LOS ANGELES — Danny Ainge has watched with measured angst as his Celtics have dropped three straight. He has seen the comebacks that used to yield stirring wins now fall short.

And as he scans the active roster, he’s zeroed in on a critical need.

“I think what we could really use is like a 6(-foot)-8 wing player that can shoot,” said the Celts’ president of basketball operations. “A guy who can play off the ball and create offense on the ball, and also play multiple positions defensively.”

Told that it sounded as if he was shining the Bat Signal for Gordon Hayward into the Boston sky, Ainge laughed hard.

“Yeah, where is he?” he said.

“I mean, quite honestly, as I’ve looked at our roster, I’ve been saying that all year long, but, yeah, we could use one more creator,” Ainge said. “And the fact that Gordon can create offense and handle the ball and take the burden off of Kyrie (Irving) – and also play off the ball and space the floor – I’ve thought that many times as I’ve looked at our team and what do we need and what are we lacking? But that definitely is No. 1.”

And, while the team has said he’ll miss the rest of the year, it remains at least a possibility that Hayward could return to the Celtics this season from his fractured left ankle. That notion percolated through the fan base when Hayward’s wife posted Instagram video of him hitting 3-pointers.

Asked if Hayward is ahead of schedule, Ainge said, “Honestly I think it’s too early to even tell that.

“He’s just starting to walk without the brace and do some shooting without moving. It’s just too early to tell. I think over the next month or two – month and a half anyway – we’ll have a much better idea of how he responds. But, again, in my mind he’s not going to play this year. And until something changes, we’re not planning on that happening. We’re not applying any pressure to that.

“But I don’t think he’s ahead or behind as far as I know. He’s just right on schedule. He took the brace off after the three-month mark, and that was sort of what was planned from the beginning and that’s where we are right now.”

If Hayward doesn’t play again this season, it clearly won’t be from lack of trying on his part. He has, by all accounts, attacked his rehab.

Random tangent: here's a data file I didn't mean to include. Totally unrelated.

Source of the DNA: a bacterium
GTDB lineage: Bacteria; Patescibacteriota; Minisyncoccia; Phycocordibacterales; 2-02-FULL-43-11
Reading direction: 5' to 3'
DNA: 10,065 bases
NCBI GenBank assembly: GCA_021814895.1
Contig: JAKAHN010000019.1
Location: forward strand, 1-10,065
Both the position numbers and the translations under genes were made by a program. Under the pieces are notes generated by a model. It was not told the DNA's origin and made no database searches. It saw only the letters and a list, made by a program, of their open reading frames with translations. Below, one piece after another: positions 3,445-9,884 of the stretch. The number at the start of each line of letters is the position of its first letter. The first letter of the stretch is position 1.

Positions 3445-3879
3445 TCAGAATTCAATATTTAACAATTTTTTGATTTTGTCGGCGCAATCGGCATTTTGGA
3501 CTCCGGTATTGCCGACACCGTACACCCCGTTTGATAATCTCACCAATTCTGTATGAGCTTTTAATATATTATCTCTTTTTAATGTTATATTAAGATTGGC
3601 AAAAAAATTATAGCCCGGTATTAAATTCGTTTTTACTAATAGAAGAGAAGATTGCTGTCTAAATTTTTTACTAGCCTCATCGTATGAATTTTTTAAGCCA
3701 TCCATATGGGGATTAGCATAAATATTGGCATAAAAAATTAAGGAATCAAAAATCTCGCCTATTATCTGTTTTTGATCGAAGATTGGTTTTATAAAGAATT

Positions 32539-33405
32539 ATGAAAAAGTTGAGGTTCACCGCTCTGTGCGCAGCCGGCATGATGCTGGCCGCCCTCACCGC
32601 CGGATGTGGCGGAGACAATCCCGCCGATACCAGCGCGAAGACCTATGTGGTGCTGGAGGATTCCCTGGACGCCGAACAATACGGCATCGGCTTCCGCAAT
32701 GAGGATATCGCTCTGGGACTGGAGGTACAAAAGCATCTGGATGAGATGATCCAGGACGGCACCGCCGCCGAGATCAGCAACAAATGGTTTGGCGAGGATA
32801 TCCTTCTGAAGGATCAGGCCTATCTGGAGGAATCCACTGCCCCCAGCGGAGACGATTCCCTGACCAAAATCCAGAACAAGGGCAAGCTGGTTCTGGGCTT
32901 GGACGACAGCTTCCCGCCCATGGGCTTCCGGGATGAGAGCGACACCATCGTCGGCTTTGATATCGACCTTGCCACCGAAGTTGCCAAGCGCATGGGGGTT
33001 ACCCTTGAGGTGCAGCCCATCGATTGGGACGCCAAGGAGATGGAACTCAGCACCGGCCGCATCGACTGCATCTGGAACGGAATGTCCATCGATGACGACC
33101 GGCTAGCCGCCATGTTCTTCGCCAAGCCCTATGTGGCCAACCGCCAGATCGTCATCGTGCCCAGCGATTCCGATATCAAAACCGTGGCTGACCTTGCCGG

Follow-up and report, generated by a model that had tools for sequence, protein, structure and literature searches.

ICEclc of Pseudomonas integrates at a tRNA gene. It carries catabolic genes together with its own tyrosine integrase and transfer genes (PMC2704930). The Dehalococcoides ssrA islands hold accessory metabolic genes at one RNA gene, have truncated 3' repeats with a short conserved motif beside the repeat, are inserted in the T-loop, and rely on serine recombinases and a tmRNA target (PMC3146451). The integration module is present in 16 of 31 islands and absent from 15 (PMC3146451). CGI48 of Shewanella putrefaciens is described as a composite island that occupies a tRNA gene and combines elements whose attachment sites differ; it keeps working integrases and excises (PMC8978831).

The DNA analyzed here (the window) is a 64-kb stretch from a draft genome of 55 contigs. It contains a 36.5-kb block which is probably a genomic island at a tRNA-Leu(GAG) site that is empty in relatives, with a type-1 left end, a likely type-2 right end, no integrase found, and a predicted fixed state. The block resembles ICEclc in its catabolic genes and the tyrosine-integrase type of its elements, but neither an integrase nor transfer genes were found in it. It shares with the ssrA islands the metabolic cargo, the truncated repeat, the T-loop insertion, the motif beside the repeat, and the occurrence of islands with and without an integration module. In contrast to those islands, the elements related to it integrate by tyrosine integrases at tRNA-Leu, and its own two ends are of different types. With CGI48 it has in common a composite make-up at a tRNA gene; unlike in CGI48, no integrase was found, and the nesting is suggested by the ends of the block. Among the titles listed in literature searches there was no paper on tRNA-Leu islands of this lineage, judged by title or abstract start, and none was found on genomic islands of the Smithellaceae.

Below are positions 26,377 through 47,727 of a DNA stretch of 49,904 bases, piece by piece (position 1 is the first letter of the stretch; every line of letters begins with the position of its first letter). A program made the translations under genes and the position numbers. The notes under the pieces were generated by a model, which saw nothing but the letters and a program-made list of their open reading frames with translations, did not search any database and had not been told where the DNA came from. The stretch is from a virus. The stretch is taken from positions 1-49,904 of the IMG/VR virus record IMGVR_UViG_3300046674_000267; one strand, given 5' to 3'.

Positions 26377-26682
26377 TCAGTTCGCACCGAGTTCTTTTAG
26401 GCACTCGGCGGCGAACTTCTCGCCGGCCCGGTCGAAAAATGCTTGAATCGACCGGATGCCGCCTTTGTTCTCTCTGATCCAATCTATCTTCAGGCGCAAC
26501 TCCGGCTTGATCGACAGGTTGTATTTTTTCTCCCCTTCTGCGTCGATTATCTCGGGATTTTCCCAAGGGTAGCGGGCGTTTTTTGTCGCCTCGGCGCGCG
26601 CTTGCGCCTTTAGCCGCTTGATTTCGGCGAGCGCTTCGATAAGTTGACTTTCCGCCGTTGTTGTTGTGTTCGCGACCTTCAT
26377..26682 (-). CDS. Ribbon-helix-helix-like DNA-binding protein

“He’s been great,” said Ainge. “He’s been in the facility early in the morning many days – 7 o’clock in the morning – and going to five hours. A lot of that is not just rehab, it’s strength training in his upper body, it’s conditioning on the bike, it’s working in the pool. But, yeah, his work ethic and how he’s gone about it all has been amazing. Very impressive.”

On the other hand, there is Hayward’s team. The Celtics came out west seeking warmer weather and their groove. They haven’t won in the U.S. since Jan. 6, when Jayson Tatum hit a clutch 3-pointer to get them past the Nets. After that they beat the 76ers in London, then returned home to lose to New Orleans, Philadelphia and Orlando.

“I just think we’ve been in a little bit of a funk,” said Ainge. “I don’t know if there’s one thing you could point to. I mean, we’ve had a tough time making some shots. We haven’t played our defense. We’ve had too many turnovers. And those aren’t happening every game; it’s just that one or two of those things seems to be happening every game.

“I’m not really all that worried about it. I feel like every team goes through these things. We’re certainly a young team, and we’re probably more likely to go through them than other teams. But I’m anxious to see how our team responds to this midseason funk that we’re in.”

The first opportunity was Tuesday against the Lakers, and the Celtics will be in the same arena on a different floor to play the Clippers on Wednesday before finishing the trip at Golden State on Saturday and Denver on Monday.

They still own the best record in the Eastern Conference, but they’re not being seen in the same light as when they won 22 of their first 26. In a number of those games, the Celtics escaped the clutches of near certain defeat, and the showy nature of their record may have served to mask the fact that this is still a young team.

“I don’t know if it masked it,” said Ainge. “I think our guys were playing really hard and they were riding some momentum there in stretches because the team was winning and there’s a belief.

“And now when you go through some tough times, you know, do you still have that same belief in each other? Do you still make that same commitment, realizing that you’ve still got a few months before the playoffs start? Those are always the challenges. Are people pacing themselves? We’re getting off to some real slow starts.

“I just think that psychologically there’s a lot that goes into it, and then there’s just guys that are trying and aren’t able to make shots for whatever reason. And then there’s matchup things that happen in games. And, hey, there’s teams that are desperate. There’s a lot of team like Orlando, and they played really well (Sunday). You’ve got to give them a lot of credit.”

The Celtics were within striking distance against the Magic on Sunday, but getting outscored 32-12 in the third quarter was an embarrassment they couldn’t overcome.

“Now those fourth-quarter wide-open 3’s aren’t going in, and you just give yourself no room for error,” said Ainge. “But I still believe in this group of kids and this team, I like our leadership on the team.

“It’s not fun to watch the last few games, but I’ve been in the league a long time, and it’s rare that you don’t have these spells.”